One of the big selling points of autonomous vehicles is their capacity to reduce the total number of vehicles—and human drivers—on the road. If you’re able to carpool to work in a self-driving vehicle, or rely on autonomous public transportation, you’ll spend far less time, money, and energy on your own car. The convenience and efficiency of autonomous vehicles would therefore reduce the total miles driven, and significantly reduce carbon emissions.
There’s a flip side to this argument, however. If autonomous vehicles are far more convenient and less expensive than previous means of travel, it could be an incentive for people to travel more frequently, or drive to more destinations they’d otherwise avoid. In this case, the total miles driven could actually increase with the rise of self-driving cars.
As an added consideration, the increase or decrease in drivers on the road could result in more or fewer vehicle collisions, respectively—especially in the early days of autonomous vehicle adoption, when so many human drivers are still on the road. Car accident injury cases, therefore, would become far more complicated, and the roads could be temporarily less safe.
Deadheading is a term used in trucking and ridesharing to refer to miles driven with an empty load. Assume for a moment that there’s a fleet of self-driving vehicles available to pick people up and carry them to their destinations. It’s a convenient service, but by necessity, these vehicles will spend at least some of their time driving without passengers, whether it’s spent waiting to pick someone up or en route to their location. The increase in miles from deadheading could nullify the potential benefits of people driving fewer total miles, or add to the damage done by their increased mileage.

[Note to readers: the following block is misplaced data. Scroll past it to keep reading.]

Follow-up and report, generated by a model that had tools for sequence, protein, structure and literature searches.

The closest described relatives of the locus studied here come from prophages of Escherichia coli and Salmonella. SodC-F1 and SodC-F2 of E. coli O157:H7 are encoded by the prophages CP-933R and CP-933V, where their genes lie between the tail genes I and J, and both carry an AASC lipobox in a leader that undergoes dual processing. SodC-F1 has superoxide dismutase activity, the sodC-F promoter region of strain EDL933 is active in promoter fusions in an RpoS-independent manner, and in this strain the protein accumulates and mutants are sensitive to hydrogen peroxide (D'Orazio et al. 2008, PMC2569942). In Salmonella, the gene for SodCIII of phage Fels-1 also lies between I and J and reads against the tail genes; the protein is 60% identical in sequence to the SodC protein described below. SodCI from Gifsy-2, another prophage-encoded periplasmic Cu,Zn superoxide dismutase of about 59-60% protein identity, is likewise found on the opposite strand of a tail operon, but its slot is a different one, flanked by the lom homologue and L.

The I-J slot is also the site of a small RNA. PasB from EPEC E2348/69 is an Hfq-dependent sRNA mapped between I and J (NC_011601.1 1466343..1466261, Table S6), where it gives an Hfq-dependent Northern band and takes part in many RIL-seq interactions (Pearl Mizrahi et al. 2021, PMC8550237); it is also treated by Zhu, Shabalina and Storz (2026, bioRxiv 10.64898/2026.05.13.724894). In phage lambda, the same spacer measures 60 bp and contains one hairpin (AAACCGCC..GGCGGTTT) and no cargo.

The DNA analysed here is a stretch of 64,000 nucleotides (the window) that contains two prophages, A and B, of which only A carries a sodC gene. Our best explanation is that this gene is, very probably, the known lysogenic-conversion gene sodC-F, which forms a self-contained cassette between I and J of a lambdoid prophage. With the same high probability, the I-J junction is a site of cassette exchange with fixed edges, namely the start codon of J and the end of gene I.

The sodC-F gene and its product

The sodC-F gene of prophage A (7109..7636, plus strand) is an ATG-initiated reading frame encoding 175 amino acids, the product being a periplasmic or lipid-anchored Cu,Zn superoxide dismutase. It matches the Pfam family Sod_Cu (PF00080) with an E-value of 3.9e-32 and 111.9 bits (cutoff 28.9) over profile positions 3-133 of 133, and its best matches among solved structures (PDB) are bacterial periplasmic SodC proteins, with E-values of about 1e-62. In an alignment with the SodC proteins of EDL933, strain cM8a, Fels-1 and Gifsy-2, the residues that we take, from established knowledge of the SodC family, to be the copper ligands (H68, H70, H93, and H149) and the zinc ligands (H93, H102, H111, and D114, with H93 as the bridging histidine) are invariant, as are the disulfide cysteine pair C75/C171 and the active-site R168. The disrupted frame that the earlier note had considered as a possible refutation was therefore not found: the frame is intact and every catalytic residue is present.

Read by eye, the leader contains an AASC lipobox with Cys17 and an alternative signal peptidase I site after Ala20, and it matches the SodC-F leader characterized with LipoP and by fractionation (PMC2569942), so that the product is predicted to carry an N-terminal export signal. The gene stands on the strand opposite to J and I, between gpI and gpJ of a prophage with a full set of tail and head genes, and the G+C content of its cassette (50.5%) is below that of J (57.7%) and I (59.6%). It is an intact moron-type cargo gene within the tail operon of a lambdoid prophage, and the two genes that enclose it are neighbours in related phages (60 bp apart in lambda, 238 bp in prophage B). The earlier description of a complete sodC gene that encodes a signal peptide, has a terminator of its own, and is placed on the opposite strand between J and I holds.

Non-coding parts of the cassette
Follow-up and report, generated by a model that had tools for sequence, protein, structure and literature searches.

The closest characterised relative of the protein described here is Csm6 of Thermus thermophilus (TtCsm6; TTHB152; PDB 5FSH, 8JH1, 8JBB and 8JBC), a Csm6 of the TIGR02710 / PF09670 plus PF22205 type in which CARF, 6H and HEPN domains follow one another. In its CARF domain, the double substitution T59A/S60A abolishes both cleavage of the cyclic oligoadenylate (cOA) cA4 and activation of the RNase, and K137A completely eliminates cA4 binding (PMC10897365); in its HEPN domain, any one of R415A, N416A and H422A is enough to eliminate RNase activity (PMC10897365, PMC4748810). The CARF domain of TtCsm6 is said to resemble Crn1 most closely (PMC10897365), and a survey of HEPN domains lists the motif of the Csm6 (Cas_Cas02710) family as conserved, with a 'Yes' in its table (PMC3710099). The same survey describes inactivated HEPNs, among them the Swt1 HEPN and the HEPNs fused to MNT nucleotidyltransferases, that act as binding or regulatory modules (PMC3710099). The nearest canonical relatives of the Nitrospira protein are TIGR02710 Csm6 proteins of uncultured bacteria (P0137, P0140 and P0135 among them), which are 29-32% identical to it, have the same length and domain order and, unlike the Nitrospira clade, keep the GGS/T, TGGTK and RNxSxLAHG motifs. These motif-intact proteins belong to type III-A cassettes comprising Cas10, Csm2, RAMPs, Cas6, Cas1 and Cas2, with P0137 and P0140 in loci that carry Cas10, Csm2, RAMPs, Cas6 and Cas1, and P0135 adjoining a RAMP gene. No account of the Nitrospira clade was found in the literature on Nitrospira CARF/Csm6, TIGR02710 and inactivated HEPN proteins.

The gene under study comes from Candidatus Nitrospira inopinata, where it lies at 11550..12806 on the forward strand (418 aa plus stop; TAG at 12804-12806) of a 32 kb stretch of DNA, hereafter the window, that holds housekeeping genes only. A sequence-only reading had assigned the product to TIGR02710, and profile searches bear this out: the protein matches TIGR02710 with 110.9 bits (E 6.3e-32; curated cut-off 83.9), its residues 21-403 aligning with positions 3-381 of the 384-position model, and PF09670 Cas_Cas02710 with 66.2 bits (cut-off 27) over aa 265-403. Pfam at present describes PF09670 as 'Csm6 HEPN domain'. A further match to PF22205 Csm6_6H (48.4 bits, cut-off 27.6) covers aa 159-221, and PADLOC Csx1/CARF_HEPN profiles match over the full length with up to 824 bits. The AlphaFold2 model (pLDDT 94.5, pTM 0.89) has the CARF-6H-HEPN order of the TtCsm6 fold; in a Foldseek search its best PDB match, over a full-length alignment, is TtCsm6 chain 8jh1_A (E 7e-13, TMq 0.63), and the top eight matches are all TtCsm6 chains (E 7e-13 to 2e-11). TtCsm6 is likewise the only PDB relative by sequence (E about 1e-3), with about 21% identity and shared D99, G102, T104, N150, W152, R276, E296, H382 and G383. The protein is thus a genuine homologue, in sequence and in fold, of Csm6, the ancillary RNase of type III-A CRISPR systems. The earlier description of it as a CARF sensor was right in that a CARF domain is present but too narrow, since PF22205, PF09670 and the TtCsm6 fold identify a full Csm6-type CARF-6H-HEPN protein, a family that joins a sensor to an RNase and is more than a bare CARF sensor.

Make and Model of Car
Much will also depend on the types of cars equipped to be self-driving. For example, Waymo recently launched a wave of self-driving hybrid minivans, capable of getting far better mileage than a gas-only vehicle. If the majority of self-driving cars are electric or hybrids, the environmental impact will be much lower than if they’re converted from existing vehicles. Good emissions ratings are also important here.
On the other hand, the increased demand for autonomous vehicles could put more pressure on factory production, and make older cars obsolete. In that case, the gas mileage savings could be counteracted by the increased environmental impact of factory production.
The Bottom Line
Right now, there are too many unanswered questions to make a confident determination whether self-driving vehicles will help or harm the environment. Will we start driving more, or less? How will they handle dead time? What kind of models are going to be on the road?
Engineers and the general public are in complete control of how this develops in the near future. Hopefully, we’ll be able to see all the safety benefits of having autonomous vehicles on the road, but without any of the extra environmental impact to deal with.
New Zealand to Switch to Fully Renewable Energy by 2035
New Zealand’s prime minister-elect Jacinda Ardern is already taking steps towards reducing the country’s carbon footprint. She signed a coalition deal with NZ First in October, aiming to generate 100% of the country’s energy from renewable sources by 2035.
New Zealand is already one of the greenest countries in the world, sourcing over 80% of its energy for its 4.7 million people from renewable resources like hydroelectric, geothermal and wind. The majority of its electricity comes from hydro-power, which generated 60% of the country’s energy in 2016. Last winter, renewable generation peaked at 93%.